he had been approached to join
the movement of the “patriotic
priests” and had refused to do so.
Monsignor Matrai was appointed
Vicar General of the Esztergom
archdiocese in the latter part of
1950. This occurred after the Holy
See intervened to appoint Bishop
Andrew Hamvas of Csanad as
Apostolic Administrator of the
archdiocese and thus end the term
of vicar capitular of Msgr. Miklos
Beresztoczy, a pro commun i s
priest and leader of the “patrio
tic priests” movement.
The real aim of the maneuver, the
broadcast added, is to prevent
young priests from carrying on
their ecclesiastical ministry.
Hungarian Pastor, ‘Tried*
By Reds, Dies In Prison
ROME—(NC)—A Hungarian pas
tor, sentenced to 15 years impris
onment by the Red regime in
Hungary, has died in prison, ac
cording to word received in refu
gee circles here.
The Rev. Istvan Justh was
“tried” at the same time as Robert
Vogeler, the American business
man, later released. All funeral
commemorations of Father Justh
were forbidden by the Hungarian
authorities. But the people of his
parish, the report said, attended
his Requiem Mass in large num
Red Radio Broadcasts Use
Names Of Churchmen
Behind Iron Curtain
LONDON, (NC) As His Holi
ness Pope Pius XII appealed over
Vatican Radio at Christmas for “a
perfect Christian order’
only safe basis for
nist radio stations
Christmas “peace”
different type.
Displaced Persons Make Merry
At Party As Old Friends Meet
One of the most heart-warming,
events of the Christmas season
took place last Sunday when more
than 150 displaced persons who
have been resettled in the Colum
bus area under Catholic auspices
gathered at a party sponsored for
them by the Central Deanery unit
of the Catholic Youth Council.
There were excited conversa
tions in all the languages of Eas
tern Europe, with much laughter
and a few tears, as the families
met in the Nurses Home of St.
Francis Hospital for an afternoon
of entertainment and refresh
The Rev. William E. Kappes,
Director of Charities and Hospitals,
spoke warm words of welcome, and
the Rev. Paul Laurinaitis, Lithu
anian priest who came here in
June as a DP, translated them in
to several European tongues.
One of the most touching inci
dents of the affair was the reunion
of two couples who had he*n
friends two years earlier in one of
as the
peace, commu
beamed forth
message of a
The messages were attributed to
religious leaders in the Iron Cur
tain countries. But their tone
varied greatly from that of the
Pope. His Holiness declared that
permanent peace can be found
only if the world returns to Christ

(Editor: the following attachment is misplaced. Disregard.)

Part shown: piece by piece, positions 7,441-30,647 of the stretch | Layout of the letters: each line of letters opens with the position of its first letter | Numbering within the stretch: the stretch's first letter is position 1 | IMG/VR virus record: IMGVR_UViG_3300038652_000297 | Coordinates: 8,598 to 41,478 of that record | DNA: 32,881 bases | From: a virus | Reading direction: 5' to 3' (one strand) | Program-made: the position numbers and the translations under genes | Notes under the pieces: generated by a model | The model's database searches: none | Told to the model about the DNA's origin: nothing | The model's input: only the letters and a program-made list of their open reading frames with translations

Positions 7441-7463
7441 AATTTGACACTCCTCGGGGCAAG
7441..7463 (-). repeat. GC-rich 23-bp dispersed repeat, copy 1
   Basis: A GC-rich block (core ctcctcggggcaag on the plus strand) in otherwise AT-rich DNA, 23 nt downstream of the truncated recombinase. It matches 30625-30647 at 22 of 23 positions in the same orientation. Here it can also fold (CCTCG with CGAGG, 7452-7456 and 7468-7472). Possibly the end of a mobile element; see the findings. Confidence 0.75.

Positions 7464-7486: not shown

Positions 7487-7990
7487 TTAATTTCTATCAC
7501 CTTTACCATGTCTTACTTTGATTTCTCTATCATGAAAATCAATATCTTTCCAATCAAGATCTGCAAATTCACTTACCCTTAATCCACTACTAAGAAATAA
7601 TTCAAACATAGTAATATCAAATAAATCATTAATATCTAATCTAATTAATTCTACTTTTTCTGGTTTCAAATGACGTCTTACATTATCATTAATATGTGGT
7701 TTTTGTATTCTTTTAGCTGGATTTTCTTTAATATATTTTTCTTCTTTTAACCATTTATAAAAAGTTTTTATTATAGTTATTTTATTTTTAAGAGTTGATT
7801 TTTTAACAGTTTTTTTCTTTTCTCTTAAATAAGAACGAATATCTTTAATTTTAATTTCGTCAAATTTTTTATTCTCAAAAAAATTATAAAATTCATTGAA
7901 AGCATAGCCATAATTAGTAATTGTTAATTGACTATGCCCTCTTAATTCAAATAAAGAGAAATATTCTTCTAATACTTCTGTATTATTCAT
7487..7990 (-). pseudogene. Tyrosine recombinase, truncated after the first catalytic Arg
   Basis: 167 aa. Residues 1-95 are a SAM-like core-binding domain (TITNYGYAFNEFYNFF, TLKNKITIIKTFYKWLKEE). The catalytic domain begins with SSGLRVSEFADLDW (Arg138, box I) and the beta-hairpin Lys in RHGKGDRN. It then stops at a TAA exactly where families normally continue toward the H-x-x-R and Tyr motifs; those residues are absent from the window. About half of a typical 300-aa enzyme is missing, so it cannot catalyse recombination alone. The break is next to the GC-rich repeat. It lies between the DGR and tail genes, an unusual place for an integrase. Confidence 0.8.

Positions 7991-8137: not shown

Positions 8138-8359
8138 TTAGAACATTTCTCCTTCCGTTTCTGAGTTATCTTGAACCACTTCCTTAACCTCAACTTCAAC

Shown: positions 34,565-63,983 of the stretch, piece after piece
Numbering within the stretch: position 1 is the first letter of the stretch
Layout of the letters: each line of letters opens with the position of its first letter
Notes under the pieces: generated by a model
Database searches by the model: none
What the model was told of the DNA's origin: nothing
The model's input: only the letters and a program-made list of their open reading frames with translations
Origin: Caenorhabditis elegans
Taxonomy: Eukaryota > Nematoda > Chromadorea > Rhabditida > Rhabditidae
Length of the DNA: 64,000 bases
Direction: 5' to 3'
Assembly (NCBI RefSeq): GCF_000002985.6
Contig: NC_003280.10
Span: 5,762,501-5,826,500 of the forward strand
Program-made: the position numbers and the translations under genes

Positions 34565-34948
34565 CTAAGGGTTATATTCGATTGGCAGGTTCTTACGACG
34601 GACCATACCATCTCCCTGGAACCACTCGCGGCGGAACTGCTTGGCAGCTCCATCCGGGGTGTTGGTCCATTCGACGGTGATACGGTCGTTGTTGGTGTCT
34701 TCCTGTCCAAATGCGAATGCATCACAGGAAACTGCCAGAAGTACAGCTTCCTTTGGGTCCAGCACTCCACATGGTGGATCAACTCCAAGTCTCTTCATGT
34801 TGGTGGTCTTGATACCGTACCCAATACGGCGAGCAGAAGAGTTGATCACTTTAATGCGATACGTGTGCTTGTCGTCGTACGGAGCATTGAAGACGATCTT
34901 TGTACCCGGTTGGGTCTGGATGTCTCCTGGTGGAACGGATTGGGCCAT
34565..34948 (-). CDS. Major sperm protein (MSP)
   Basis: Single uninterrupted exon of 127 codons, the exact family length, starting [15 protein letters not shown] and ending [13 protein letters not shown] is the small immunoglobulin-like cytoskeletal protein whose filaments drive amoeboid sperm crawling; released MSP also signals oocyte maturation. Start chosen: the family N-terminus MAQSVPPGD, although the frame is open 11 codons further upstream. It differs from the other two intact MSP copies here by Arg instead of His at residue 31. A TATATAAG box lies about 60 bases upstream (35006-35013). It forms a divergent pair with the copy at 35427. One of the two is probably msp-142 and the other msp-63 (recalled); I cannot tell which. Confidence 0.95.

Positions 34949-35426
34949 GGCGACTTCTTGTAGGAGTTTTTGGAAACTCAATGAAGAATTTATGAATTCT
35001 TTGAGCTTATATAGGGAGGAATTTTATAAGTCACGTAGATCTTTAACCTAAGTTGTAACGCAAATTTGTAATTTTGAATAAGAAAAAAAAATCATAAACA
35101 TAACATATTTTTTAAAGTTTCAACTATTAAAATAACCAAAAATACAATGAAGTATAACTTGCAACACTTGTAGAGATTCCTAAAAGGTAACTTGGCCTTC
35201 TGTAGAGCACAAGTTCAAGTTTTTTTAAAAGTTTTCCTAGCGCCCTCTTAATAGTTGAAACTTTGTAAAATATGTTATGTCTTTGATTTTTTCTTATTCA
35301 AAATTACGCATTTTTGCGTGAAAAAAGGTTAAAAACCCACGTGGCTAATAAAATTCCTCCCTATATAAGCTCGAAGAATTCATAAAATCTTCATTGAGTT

ian beliefs. The messages attribu
ted to the Iron Curtain prelates
railed at the western “aggressors.”
One broadcast by 9he Moscow
radio quoted what it called the
Christmas address of “Catholic
Bishop Peter Strods” in the cathed
ral at Riga, Latvia.
(According to the
Pontifical yearbook, Archbishop
Anthony Springovics
of the Riga archdiocese and the Rt.
Rev. Peter Strods is a Monsignor
of the archdiocese.)
“We are living in days when a
new world war threatens,” Radio
Moscow quoted Monsignor Strods
as saying. “That the menace of
the United States and British ag
(Continued on Page 2)
most recent
is still head
Europe’s DP camps.
To Mr. and Mrs. Ivan
a Slovenian couple, and
Mrs. Lario Stilinovic of
via, the reunion was the
of the whole afternoon.
Mr. and
There were other highlights,
however. One of them was the
presentation of a hand-carved, rich
ly ornamented wooden cross by the
Ukrainian Catholics of Columbus—
all former DP’s—to the Rev. Law
rence Corcoran, Assistant Director
of Charities, in gratitude for his
work in resettling them here.
Congratulations came from all
sides to a young Latvian couple,
Mr. and Mrs. Janis Villums. who
were married in St. Joseph’s Cathe
dral last July. They first met in
a European DP camp four years
Diffident at first, the guests lost
their shyness as the afternoon wore
on and by the time the party was
over, all of them seemed to feel a
little less displaced.
Bishop In Soviet Zone
COLOGNE, (NC) Msgr. Fried
rich Rintelen, Vicar General of
the Archdiocese
Westphalia, has
second Auxiliary
diocese. He will
burg, in the Soviet zone of occu
pation. There Bishop Rintelen
will replace Bishop Wilhelm Wesk
amm, who some months ago be
came Bishop of Berlin.
Phony ‘Peace’
Messages Hit
of Paderborn,
been appointed
Bishop of that
reside in Magde-
One day, as his friends were car
rying him to his station, he saw St.
Peter and St. John walking towards
the Temple and asked for alms.
Peter said: “Silver and gold I have
none but what I have I give thee.
In the name of Jesus Christ of Naz
areth, arise and walk.” Taking the
man by his right hand, St. Peter
raised him up, and immediately his
feet and ankles became strong.
And the lame man went with them
into the Temple, walking, leaping
and praising God. The Acts of the
Apostles, which records this event,
relates that this miracle occasioned
at least 5,000 conversions
This narrative was the occasion
of a terrific storm some 40 years
ago. At the time it was a storm in
a teacup, but its reververations
were destined to spread over the
There was a deanery meeting of
Episcopalian clergymen in a small
rural town of Long Island, N.Y.
They were concerned with gather
ing funds for foreign missions. A
well known speaker was invited
to address the meeting. The speak
er was the Rev. Paul Francis Watt
son, S.A., founder of an Episcopal
ian religious community on Fran
ciscan lines at Graymoor Monas
tery here in Garrison.
For some time this man had stud
ied and prayed over the position
of St. Peter in God’s plan for His
Church. He related the event of
St. Peter and the lame man at the
Temple gate. Then he launched in
to a fiery appeal. He declared that
the lame man was a symbol of the
Anglican communion: lame from
birth and lying prostrate just be
yond the door of entrance of the
Catholic Church, its hands always
outstretched for alms. The only
hope for health was for them to fix
their gaze on the successor of St.
peter and beg for the power of
walking and leaping into the
Church of God.
As might be expected, this ser
mon aroused furious opposition
and was interrupted before he was
able to develop his theme needless
to say, he was never invited to
preach again. But Father Paul, as
he was called, continued his propa
ganda through a monthly magazine
called The Lamp.
In the latter part of 1907, he call-
Fr. Healey Awarded MA
By Ohio State University
Th Rev. Edward F. Healey, pro
fessor of Latin and English at St.
Charles Seminary, Columbus, was
awarded the degree of Master of
Arts in Classical Languages by
Ohio State University Dec. 20.
Father Healey was awarded the